* The major sticking point is something called 'export', which gives the illusion ("illusion" being a key word) of separate compilation for templates. There are two compilers that support it. One is Comeau's compiler (the one I mentioned above), the other is Intel's. Intel's compiler disables support by default and makes you enable it with a command line flag, classifying it as a highly-experimental feature. Both compliers use the same front end, made by the company EDG. EDG has said that implementing 'export' took more time than implementing the entire Java front end they offer.

Edit: google "Beating the Averages" for an essay by a guy named Paul Graham for what he says about Lisp. Some parts of the essay I find obnoxious, but it's probably worth reading.
EvanED

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EvanED wrote:Edit: google "Beating the Averages" for an essay by a guy named Paul Graham for what he says about Lisp. Some parts of the essay I find obnoxious, but it's probably worth reading.

http://www.paulgraham.com/avg.html
Also, most of Paul's other essays are also worth reading.
SexyTalon wrote:A pile of shit can call itself a delicious pie, but that doesn't make it true.

william
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Thanks Evan. :)

I remembered one of the two had a manual the size of a phone book (LISP), and the other had a manual the size of a magazine (Scheme), but couldn't remember which was which.

What I took most from my exposure was
1> The language letting you rewrite the language is a good thing.
2> Restrictions on what a chunk of code is allowed to do, that the language can understand let the language do really powerful things.

Edit: for grammer and seplling
Last edited by Yakk on Thu Feb 22, 2007 7:56 pm UTC, edited 1 time in total.

Yakk

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Yakk wrote:Thanks Evan.

I remembered one of the two had a manual the size of a phone book (LISP), and the other had a manual the size of a magasize (Scheme), but couldn't remember which was which.

Yeah, Common Lisp is the big one.

(And reading Practical Common Lisp... it's a lot uglier a language than the impression I had of it. There's a fair amount of undefined parts and inconsistencies.)

What I took most from my exposure was
1> The language letting you rewrite the language is a good thing.
2> Restrictions on what a chunk of code that the language can understand let the language do really powerful things.

Quoted for truth.
EvanED

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EvanED, Yakk, FiddleMath, Fieari-

Thanks guys.

"car" accesses the data element at the current pointer

Ohhhhhhhhhhhhh.

It's full of "cars".

Heh.

space_raptor

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You're all wrong. God programs like Mel
Dogs with diabetes need less love

smocc

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smocc wrote:You're all wrong. God programs like Mel

Only Satan programs that way.
SexyTalon wrote:A pile of shit can call itself a delicious pie, but that doesn't make it true.

william
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screech wrote:
Oort wrote:Maybe Star Trek or Dune would be a better source of obscure references.

Not that there's anything wrong with the nonobscure. 2001 was awesome.

Is it really that nonobscure? I'm pretty sure it's not in the movie...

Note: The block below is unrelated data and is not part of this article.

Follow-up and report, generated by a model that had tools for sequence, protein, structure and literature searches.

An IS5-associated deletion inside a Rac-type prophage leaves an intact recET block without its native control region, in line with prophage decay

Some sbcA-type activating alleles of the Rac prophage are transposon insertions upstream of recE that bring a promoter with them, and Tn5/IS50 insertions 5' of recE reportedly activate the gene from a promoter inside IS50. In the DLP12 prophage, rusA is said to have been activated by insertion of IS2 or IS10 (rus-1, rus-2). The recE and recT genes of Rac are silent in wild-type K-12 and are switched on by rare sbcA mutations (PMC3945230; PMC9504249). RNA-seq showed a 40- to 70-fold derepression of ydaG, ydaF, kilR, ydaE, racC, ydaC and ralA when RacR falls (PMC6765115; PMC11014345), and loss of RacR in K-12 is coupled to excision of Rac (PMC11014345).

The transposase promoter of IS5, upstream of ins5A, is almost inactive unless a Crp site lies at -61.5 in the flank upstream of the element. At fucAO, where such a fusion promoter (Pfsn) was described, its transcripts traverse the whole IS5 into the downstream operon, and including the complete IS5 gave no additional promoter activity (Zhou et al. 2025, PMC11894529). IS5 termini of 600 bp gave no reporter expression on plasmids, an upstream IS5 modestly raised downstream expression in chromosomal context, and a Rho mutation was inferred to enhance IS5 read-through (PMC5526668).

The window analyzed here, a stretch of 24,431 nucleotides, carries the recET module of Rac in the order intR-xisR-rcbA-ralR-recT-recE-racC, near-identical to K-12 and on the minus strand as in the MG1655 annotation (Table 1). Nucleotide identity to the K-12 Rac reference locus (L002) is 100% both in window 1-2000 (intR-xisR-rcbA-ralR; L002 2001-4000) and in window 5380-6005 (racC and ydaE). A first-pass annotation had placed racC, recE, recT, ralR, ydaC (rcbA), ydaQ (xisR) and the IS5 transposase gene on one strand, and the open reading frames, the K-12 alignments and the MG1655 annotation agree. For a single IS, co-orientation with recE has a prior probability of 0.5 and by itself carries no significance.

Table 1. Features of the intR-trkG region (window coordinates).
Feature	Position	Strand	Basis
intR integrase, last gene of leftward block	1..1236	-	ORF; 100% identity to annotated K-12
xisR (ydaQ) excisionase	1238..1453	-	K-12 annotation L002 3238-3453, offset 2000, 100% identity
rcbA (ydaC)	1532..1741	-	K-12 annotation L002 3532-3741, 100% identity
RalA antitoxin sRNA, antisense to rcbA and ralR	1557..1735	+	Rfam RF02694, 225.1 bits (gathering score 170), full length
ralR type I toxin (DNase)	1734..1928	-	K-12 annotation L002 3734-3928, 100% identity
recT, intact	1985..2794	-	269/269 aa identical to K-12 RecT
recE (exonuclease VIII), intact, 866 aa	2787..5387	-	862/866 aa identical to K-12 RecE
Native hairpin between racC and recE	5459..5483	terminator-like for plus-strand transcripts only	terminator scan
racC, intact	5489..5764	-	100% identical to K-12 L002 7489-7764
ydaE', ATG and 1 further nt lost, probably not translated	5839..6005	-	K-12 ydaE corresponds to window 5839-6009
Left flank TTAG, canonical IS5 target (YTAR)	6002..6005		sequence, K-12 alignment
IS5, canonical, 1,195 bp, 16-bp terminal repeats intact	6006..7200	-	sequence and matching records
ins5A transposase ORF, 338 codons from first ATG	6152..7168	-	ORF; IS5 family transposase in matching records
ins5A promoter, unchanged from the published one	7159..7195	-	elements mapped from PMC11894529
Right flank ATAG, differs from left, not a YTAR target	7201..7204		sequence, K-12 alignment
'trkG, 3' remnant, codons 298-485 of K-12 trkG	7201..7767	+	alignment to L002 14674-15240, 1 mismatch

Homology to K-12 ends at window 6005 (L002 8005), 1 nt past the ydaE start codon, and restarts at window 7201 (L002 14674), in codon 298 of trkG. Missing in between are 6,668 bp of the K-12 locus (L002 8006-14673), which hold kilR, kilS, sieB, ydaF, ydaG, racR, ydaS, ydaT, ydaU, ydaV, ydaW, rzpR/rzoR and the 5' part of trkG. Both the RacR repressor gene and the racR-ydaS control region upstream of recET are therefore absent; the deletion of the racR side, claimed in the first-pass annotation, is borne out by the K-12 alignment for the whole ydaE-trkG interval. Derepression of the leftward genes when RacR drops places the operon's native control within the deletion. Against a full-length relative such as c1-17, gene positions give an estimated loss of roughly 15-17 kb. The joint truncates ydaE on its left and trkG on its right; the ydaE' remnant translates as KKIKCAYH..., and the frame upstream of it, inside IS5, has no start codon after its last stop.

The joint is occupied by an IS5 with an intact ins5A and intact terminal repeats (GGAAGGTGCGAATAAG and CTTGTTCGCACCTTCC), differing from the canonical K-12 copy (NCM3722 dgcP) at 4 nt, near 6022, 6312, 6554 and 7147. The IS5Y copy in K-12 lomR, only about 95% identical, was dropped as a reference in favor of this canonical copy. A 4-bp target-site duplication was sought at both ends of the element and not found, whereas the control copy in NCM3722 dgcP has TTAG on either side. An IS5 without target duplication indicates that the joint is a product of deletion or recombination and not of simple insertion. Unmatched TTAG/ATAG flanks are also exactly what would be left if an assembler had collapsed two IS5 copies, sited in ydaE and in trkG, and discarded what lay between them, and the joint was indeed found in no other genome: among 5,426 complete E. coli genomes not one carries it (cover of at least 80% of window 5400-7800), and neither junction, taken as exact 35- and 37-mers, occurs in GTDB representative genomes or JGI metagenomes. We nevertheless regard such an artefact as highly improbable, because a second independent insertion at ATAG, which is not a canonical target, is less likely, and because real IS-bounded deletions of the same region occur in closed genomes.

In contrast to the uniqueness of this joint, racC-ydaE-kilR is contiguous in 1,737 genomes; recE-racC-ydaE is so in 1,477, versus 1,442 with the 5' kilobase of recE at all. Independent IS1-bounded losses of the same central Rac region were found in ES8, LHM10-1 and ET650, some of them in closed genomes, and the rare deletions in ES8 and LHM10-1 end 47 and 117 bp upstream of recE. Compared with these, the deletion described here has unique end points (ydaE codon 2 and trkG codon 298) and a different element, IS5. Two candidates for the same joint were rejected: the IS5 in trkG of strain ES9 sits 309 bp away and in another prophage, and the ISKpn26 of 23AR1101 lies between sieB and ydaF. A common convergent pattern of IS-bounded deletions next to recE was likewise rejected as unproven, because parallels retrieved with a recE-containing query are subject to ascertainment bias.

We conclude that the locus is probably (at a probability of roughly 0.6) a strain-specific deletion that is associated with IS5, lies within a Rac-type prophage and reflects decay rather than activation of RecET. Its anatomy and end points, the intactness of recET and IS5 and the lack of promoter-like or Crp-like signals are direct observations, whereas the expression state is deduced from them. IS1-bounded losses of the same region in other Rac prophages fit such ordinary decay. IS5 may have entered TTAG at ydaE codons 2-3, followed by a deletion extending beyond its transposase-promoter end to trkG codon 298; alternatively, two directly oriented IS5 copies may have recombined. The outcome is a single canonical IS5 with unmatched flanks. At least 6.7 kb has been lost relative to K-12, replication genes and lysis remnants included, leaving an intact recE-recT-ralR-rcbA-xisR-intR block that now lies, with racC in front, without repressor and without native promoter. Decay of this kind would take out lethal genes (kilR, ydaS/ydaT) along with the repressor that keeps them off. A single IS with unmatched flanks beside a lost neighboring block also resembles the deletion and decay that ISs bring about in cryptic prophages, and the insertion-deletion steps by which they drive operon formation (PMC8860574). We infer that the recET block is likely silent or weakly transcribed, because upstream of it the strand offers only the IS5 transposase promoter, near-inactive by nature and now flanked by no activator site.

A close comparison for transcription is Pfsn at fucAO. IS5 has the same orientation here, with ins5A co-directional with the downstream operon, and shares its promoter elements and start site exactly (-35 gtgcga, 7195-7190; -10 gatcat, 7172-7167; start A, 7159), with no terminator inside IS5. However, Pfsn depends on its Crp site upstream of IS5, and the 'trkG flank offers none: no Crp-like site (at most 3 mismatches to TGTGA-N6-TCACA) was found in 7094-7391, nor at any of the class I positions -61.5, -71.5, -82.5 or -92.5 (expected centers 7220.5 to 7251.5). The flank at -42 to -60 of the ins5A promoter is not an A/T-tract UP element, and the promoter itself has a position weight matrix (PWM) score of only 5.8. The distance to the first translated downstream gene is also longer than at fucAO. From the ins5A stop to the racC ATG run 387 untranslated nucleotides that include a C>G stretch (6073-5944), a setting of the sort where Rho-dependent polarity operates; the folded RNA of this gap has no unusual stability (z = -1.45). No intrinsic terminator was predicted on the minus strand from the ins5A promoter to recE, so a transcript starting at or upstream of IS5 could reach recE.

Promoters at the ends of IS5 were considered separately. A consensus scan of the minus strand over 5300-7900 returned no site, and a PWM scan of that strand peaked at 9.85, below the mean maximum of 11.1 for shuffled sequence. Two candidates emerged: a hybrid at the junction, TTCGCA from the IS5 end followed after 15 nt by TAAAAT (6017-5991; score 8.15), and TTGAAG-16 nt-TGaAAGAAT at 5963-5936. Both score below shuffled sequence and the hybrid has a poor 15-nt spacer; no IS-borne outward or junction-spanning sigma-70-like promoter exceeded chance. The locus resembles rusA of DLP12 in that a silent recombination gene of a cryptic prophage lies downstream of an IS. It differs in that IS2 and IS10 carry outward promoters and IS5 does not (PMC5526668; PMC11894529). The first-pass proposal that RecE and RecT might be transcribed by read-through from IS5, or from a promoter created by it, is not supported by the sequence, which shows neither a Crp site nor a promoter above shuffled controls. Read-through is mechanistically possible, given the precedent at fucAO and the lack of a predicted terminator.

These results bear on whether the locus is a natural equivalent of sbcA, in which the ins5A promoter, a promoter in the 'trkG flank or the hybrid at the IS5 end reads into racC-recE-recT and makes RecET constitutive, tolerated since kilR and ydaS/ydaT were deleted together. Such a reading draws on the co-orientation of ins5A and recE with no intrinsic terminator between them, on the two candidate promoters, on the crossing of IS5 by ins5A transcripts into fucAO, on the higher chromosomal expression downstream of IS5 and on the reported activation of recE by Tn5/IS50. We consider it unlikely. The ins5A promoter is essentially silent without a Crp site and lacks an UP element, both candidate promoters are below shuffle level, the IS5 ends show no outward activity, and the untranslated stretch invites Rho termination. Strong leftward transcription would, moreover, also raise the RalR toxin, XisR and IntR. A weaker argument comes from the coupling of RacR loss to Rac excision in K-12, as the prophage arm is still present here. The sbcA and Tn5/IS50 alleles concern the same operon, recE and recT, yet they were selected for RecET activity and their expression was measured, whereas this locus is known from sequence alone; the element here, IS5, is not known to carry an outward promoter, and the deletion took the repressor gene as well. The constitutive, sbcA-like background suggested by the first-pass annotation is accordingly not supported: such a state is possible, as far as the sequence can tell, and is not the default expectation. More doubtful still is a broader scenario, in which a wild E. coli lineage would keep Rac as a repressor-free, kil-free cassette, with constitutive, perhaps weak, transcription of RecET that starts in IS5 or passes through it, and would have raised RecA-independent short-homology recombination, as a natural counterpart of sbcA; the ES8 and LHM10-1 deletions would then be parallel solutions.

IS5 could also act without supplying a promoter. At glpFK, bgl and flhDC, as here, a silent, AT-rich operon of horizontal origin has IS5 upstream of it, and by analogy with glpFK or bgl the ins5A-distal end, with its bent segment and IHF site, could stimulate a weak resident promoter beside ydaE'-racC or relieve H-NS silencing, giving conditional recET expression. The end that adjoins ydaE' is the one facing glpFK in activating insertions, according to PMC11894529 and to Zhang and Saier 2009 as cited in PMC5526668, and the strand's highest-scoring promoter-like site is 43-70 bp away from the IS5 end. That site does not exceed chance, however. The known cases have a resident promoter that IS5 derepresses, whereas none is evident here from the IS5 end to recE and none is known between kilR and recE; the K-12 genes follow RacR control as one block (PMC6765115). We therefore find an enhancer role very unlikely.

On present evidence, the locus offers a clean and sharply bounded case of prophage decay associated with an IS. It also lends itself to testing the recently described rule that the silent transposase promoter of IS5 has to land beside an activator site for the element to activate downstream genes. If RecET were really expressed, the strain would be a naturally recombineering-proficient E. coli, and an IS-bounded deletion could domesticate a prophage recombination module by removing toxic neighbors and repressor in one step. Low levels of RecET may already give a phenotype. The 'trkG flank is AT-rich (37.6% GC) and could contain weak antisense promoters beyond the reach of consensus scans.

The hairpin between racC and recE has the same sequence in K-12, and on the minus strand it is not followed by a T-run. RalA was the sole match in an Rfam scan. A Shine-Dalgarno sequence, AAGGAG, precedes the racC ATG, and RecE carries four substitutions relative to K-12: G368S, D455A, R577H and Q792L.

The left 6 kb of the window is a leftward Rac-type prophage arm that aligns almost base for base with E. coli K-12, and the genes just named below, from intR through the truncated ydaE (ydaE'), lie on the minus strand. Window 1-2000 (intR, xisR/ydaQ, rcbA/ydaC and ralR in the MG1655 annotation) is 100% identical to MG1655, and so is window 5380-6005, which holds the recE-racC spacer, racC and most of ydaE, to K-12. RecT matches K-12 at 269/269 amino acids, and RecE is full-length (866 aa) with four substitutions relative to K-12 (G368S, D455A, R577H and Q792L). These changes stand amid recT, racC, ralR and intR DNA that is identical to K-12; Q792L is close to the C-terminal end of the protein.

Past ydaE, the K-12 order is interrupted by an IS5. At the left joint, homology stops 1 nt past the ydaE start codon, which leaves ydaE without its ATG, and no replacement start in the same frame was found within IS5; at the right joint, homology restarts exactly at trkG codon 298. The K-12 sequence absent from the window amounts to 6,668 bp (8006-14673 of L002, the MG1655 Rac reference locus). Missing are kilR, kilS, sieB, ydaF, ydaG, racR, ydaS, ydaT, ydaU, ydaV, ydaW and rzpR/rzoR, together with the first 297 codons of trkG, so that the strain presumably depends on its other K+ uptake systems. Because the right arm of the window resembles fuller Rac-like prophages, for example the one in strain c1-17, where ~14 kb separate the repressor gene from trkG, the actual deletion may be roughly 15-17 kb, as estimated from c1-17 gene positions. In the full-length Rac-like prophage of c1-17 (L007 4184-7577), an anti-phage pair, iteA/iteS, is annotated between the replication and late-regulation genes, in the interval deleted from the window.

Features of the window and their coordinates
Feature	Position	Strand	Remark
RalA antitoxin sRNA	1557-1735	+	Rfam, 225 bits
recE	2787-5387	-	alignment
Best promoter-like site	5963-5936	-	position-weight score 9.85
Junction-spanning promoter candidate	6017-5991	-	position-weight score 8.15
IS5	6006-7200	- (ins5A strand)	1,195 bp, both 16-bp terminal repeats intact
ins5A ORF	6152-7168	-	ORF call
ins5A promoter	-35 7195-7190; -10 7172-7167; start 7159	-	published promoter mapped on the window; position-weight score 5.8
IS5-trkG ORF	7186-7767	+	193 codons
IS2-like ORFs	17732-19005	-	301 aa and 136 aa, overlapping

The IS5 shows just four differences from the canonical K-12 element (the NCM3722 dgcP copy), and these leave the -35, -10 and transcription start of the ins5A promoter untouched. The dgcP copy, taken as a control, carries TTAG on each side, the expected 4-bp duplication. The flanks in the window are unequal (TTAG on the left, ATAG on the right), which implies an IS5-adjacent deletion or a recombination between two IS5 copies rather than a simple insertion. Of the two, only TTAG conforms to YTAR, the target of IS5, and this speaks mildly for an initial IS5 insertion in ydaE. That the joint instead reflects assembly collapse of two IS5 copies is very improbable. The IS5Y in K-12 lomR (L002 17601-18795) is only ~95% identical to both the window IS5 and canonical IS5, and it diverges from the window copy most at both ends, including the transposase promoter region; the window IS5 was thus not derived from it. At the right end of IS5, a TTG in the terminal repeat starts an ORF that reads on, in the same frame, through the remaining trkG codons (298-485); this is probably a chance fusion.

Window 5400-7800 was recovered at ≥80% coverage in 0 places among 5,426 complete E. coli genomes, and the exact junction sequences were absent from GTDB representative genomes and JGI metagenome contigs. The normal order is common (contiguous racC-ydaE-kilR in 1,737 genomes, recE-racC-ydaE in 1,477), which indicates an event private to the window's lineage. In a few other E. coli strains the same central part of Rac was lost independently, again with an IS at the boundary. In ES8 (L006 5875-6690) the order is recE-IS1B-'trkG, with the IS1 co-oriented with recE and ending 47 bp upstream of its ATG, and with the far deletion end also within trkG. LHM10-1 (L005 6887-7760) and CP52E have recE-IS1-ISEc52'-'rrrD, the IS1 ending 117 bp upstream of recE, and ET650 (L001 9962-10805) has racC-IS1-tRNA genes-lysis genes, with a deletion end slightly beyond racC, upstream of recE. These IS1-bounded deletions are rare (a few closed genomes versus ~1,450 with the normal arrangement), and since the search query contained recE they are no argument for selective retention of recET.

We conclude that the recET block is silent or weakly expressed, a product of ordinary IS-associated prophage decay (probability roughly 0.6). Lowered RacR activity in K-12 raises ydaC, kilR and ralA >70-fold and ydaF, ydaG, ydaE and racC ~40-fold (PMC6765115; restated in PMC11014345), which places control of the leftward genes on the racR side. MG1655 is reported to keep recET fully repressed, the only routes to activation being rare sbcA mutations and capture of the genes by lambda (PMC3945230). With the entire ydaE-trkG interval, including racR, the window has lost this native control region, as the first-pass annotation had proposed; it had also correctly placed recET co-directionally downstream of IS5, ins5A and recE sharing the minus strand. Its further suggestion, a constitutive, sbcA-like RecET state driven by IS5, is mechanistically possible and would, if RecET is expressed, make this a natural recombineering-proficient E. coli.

Maybe it's the type of person on this forum...

Its not on 2001, its on 2010, the second movie in the series.

See http://imdb.com/title/tt0086837/quotes
pinguis

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### Re: Neato

Yakk wrote:
space_raptor wrote:I have no experience with LISP. Anyone care to briefly summarize why it's so good?

LISP belongs to the family of languages known as "functional".

The idea of a functional language is it consists of functions that take arguments and return results. The genius is that the functions, by default, don't have side effects.

(snip...)

Another genius is that functions can return functions. I think they call it "macros".

Disclaimer: I'm a C++/Perl/make wrangler, but when a colleague scratched the surface of Lisp for me I remember the "oooooooh" feeling when I grokked just a tiny bit of what it can do.
Bulletmagnet

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### Re: Neato

Bulletmagnet wrote:
Yakk wrote:
space_raptor wrote:I have no experience with LISP. Anyone care to briefly summarize why it's so good?

LISP belongs to the family of languages known as "functional".

The idea of a functional language is it consists of functions that take arguments and return results. The genius is that the functions, by default, don't have side effects.

(snip...)

Another genius is that functions can return functions. I think they call it "macros".

Disclaimer: I'm a C++/Perl/make wrangler, but when a colleague scratched the surface of Lisp for me I remember the "oooooooh" feeling when I grokked just a tiny bit of what it can do.

You have two separate ideas there.

1. Functions can return functions. In Lisp, functions are data, just like lists, or atoms, and can be put into a function or returned from a function just like any other type of argument.

So, for example, if you had a function that did something to an argument (square root, maybe), and you wanted to apply it to an entire list, you could do it to an entire list by passing it into a function:
Code: Select all
`(defun map-list (fn lst) (apply fn lst))`

2. Macros, in the simplest way, are code that writes code. When Lisp code gets compiled or interpreted and it sees a macro, it expands the macro (recursively, so macros can contain macros), until all you have is ordinary code, which is evaluated. It's really hard to explain, but once you realize how awesome and powerful it can be, you start to wonder why anyone uses anything else. Then you remember the parenthesis

improbable